WORLD PEACE

It was glorious.

The testosterone. The food. MIA flipping the bird.

Plus I was right and the Giants won.

We had a great Super Bowl party, complete with pounds of meat from a variety of animals, dripping in BBQ sauce. Also: hummus, baba ghanouj (however you spell it), caramelized onion dip, curry dip, chips of all kinds, veggies, apples with caramel-skor dip, Katie’s mystery dip, deadly mini-marshmallow squares, and… beer nuts. Which, I learned, have no beer in them.

Combine in a 12-inch skillet:

  • 2 cups roasted, salted peanuts
  • 1 cup white sugar
  • 1/3 cup water

peanut soup.

Cook over medium heat, stirring occasionally, for about 15 minutes. When the sugar syrup starts to go granular, this is your chance to add seasonings. I did one batch plain, and to the second batch, I added:

  • cinnamon and cayenne pepper to taste

Crank the heat to medium-high and stir constantly, as the sugar starts to caramelize. If the sugar starts to smoke or burn, you were too enthusiastic. Turn down the heat.

caramelize-y.

Once about 1/2 to 3/4 of the sugar is caramelized (so some of it still looks granular), remove from heat and spread on a greased or parchment paper-ed cookie sheet. Allow to cool for 30 minutes in your kitchen, or two minutes on your balcony in the midst of a Canadian winter.

go sit outside and think about what you did.

Once they’re hardened, you can bash the big clumps apart with a wooden spoon (it’s therapeutic). Store in an airtight container. Give them to your amigos and secure your rightful spot as favourite friend ever.

clear eyes, full hearts, can’t lose

The Patriots' Rob Gronkowski brings back the old-school touchdown spike. Al Bello/Getty Images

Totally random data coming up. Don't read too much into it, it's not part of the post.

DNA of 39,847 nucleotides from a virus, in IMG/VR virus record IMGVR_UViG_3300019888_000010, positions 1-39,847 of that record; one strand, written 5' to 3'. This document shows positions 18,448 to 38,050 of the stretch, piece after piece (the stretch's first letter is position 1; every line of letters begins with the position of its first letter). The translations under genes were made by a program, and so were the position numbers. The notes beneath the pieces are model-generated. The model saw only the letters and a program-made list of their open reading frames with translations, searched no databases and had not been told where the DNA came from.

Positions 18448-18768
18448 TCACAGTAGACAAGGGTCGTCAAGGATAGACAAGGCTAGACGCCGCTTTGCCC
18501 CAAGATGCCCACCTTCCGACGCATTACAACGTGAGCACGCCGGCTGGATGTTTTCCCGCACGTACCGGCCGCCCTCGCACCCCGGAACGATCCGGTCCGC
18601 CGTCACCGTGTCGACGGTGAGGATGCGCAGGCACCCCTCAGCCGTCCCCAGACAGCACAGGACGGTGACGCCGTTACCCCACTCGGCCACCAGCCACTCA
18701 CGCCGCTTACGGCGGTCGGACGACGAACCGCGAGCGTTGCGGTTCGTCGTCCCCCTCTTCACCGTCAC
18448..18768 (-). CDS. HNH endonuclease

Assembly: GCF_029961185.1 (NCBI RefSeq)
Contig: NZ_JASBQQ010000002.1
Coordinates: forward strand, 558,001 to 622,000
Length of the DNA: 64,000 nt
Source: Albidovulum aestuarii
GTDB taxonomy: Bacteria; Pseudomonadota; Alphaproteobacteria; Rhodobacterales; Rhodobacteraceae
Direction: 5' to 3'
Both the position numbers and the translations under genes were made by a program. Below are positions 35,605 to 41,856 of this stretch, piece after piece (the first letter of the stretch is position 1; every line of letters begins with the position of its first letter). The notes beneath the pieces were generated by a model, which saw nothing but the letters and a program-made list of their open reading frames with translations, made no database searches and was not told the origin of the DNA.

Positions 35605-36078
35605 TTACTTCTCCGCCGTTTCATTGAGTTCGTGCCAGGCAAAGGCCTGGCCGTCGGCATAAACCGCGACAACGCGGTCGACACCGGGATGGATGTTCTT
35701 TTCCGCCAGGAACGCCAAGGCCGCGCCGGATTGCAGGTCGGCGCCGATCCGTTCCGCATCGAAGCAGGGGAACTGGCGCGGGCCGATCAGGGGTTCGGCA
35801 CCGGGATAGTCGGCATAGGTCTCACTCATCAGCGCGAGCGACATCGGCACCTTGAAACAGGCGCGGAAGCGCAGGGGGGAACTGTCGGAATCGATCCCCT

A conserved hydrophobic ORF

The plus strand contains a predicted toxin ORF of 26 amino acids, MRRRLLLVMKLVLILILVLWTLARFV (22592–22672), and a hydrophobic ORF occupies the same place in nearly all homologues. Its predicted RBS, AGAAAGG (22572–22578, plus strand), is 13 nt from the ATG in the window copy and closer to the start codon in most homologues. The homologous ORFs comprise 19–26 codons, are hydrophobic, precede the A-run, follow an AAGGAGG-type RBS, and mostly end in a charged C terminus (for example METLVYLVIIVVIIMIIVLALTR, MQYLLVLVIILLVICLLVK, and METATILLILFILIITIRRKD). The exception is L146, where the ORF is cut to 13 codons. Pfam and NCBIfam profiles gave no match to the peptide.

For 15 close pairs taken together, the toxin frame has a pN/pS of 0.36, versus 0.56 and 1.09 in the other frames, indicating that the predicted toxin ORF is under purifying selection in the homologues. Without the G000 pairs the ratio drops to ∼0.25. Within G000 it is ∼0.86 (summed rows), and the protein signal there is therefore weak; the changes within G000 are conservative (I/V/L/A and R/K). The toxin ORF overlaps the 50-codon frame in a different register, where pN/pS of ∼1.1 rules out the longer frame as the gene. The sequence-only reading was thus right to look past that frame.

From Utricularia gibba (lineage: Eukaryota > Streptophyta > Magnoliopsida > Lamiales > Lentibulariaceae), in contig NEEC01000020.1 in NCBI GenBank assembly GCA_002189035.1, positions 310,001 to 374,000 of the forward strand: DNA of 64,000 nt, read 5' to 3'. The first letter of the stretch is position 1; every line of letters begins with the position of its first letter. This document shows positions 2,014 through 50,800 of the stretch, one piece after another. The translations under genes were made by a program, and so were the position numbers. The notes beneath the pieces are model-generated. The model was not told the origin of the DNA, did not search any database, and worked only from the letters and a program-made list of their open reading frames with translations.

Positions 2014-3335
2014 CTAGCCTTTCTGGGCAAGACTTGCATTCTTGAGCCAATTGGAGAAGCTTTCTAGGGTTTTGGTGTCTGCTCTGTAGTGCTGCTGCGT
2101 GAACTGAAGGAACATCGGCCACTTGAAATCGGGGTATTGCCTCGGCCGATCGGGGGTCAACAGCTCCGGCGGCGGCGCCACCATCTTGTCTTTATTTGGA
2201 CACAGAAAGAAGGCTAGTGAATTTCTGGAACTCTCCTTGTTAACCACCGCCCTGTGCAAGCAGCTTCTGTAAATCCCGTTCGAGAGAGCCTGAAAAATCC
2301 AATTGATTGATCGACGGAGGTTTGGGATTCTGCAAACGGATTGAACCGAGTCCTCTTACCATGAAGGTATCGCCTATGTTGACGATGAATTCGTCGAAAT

I am “doing” the Superbowl this year. As in, I am actually paying attention for the first time ever. Giants! Patriots! Linebackers and tight-ends! Eli Manning? Tom Brady!

Okay, it mostly means I plan to cook stupid amounts of food based around blocks of cheese and pounds of meat and the glorious sound of a bubbling deep-fryer. (For inspiration, I am turning to one of my besties and her detailed list of game day recipes. You should too, here.)

Right now, everything I know about football I learned from Friday Night Lights, so my actual participation in the watching of the game will probably be limited to making snide comments about the players’ tattoos and facial hair. If I do get roped into a conversation about the actual game, I’ll have to refer to field positions by the names of the characters on the show.

Well hi there Tim Riggins.

To avoid having to refer to the fullback as “that position that the really cute drunk guy plays,” I’ve been doing scattered football research. I have found some amazing things. Here is your one-stop shop for random conversation starters for non-fans, if you get roped into watching the game on Sunday:

  • Tebowing, obviously.
  • Rob Gronkowski’s reinvention of the spike.
  • If you’re not into the game itself, check out this primer on the reasons for the outrageous costs of advertising during the game. (In a nutshell: “…nonfootball mass entertainment has been in a decades-long spiral of decline that was only temporarily halted by an ice-world knee-clubbing.” Brilliant. Except I don’t think the author takes into account the aura that surrounds a buying a spot during the big game. People google “Super Bowl ads” and then settle in for a long evening on YouTube.)
  • And then there’s this fun fact — Americans will devour 1.25 billion wings on Sunday… that’s about 312 million chickens for one day of feasting.

Now, when I say I’m doing the Superbowl for the first time, it’s a bit of a lie because there is one tradition that I have squarely participated in for years: the commercials. One of the few bad things about being Canadian is the fact that we don’t get the Amurrrrricahn commercials… so thank god for YouTube. My favourite from last year:

So anyway. Go…. Giants, I guess? I do love me an underdog. I call it for the Giants by 10, solely because I’m copying the DJ on Montreal’s 94.7 Hits FM.